Which brings me to a specialized question aimed at those of you who are contest entries: how much of your writing time is being eaten up by contests these days? If you have been entering quite a few (and we’ve just finished a season of deadlines for contests and fellowship applications, and are about to enter another), would your time be better spent by passing on the next one?
Yes, a contest win or fellowship award looks great on your query letters, but it is possible to spend so much time on them that you are left with very little time to write. I once met a writer at an artists’ colony — we’d both won a competition to get in, one with a VERY involved application that I wouldn’t recommend anybody take the time to fill out — who spent literally three weeks of our month-long retreat there applying for other retreats, filling out grant applications, and entering contests. Apparently, this was her standard MO.
The result: a resume crammed to the brim with impressive contest wins and prestigious fellowships — and a grand total of two short stories and a few chapters of a novel completed in 9 years’ time. In her frantic quest to fund her writing habit, she had turned herself into a non-stop entering machine with no time or energy to write anything new.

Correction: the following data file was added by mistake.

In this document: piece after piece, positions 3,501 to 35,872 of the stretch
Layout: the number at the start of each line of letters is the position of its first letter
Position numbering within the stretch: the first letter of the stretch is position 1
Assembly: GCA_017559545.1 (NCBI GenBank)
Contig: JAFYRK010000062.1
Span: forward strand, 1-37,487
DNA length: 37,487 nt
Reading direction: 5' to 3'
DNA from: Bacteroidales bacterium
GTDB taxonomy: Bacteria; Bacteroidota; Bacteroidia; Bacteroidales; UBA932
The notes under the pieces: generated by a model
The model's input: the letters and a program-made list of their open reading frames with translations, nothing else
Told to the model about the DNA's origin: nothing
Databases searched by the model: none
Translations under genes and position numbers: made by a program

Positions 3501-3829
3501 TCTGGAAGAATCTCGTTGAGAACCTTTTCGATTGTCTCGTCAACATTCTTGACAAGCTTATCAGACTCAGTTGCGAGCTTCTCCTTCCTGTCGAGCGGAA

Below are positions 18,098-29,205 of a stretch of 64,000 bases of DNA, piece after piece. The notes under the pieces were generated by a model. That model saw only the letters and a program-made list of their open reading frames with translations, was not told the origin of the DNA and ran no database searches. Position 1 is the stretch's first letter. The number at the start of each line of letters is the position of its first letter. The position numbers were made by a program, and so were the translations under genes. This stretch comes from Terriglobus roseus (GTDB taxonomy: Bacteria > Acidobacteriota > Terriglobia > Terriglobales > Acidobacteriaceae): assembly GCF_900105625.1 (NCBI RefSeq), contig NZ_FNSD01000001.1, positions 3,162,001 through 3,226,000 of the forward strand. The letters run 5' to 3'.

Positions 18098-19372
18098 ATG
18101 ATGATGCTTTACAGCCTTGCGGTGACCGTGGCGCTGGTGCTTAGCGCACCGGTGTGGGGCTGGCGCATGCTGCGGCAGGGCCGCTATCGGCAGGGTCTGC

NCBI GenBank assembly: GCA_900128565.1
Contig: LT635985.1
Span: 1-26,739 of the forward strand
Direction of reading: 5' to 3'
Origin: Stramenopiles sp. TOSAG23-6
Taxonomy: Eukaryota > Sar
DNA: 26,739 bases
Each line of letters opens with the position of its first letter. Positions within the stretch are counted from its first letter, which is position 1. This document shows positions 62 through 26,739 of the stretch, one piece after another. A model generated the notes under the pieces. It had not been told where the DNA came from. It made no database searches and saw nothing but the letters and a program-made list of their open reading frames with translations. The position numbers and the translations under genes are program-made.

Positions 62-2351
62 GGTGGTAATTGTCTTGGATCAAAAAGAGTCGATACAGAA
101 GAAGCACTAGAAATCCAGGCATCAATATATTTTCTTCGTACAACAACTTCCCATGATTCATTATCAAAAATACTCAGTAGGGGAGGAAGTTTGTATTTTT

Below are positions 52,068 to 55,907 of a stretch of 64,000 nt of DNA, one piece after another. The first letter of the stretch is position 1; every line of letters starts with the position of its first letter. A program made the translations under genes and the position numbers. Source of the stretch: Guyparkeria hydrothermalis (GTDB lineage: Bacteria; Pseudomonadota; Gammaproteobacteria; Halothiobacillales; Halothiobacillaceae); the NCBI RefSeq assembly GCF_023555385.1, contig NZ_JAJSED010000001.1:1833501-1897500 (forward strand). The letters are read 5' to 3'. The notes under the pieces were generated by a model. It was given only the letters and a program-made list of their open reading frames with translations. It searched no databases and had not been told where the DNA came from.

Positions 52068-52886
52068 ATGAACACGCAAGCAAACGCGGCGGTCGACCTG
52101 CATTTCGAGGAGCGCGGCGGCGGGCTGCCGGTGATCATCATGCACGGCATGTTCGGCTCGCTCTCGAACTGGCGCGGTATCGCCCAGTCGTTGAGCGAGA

There are so many literary contests out there that if you entered them all, you would never have a chance to get down to serious writing. Equally seriously, if you have a finished piece that you should be marketing to agents and/or small presses, it is very easy to tell yourself that entering contest after contest — at the expense of devoting that time to sending out queries — is a time- saver, in the long run. Unfortunately, that isn’t always true.
Yes, a win (or place, or finalist status) in a reputable contest can indeed speed up your agent-seeking process exponentially. I would be the last to deny that, as I met my agent as a direct result of winning the Nonfiction Book/Memoir category in the PNWA contest in 2004. It CAN lead to the fast track, and you should definitely enter a few for that very reason.
However — and this is a serious consideration — I meet a LOT of aspiring writers who turn to the contest route as a SUBSTITUTE for querying, and that can definitely slow the road to publication to a crawl. It’s understandable, of course — sending out query after query is discouraging, and in the current ultra-competitive writers’ market, it can sometimes take years to pique a good agent’s interest.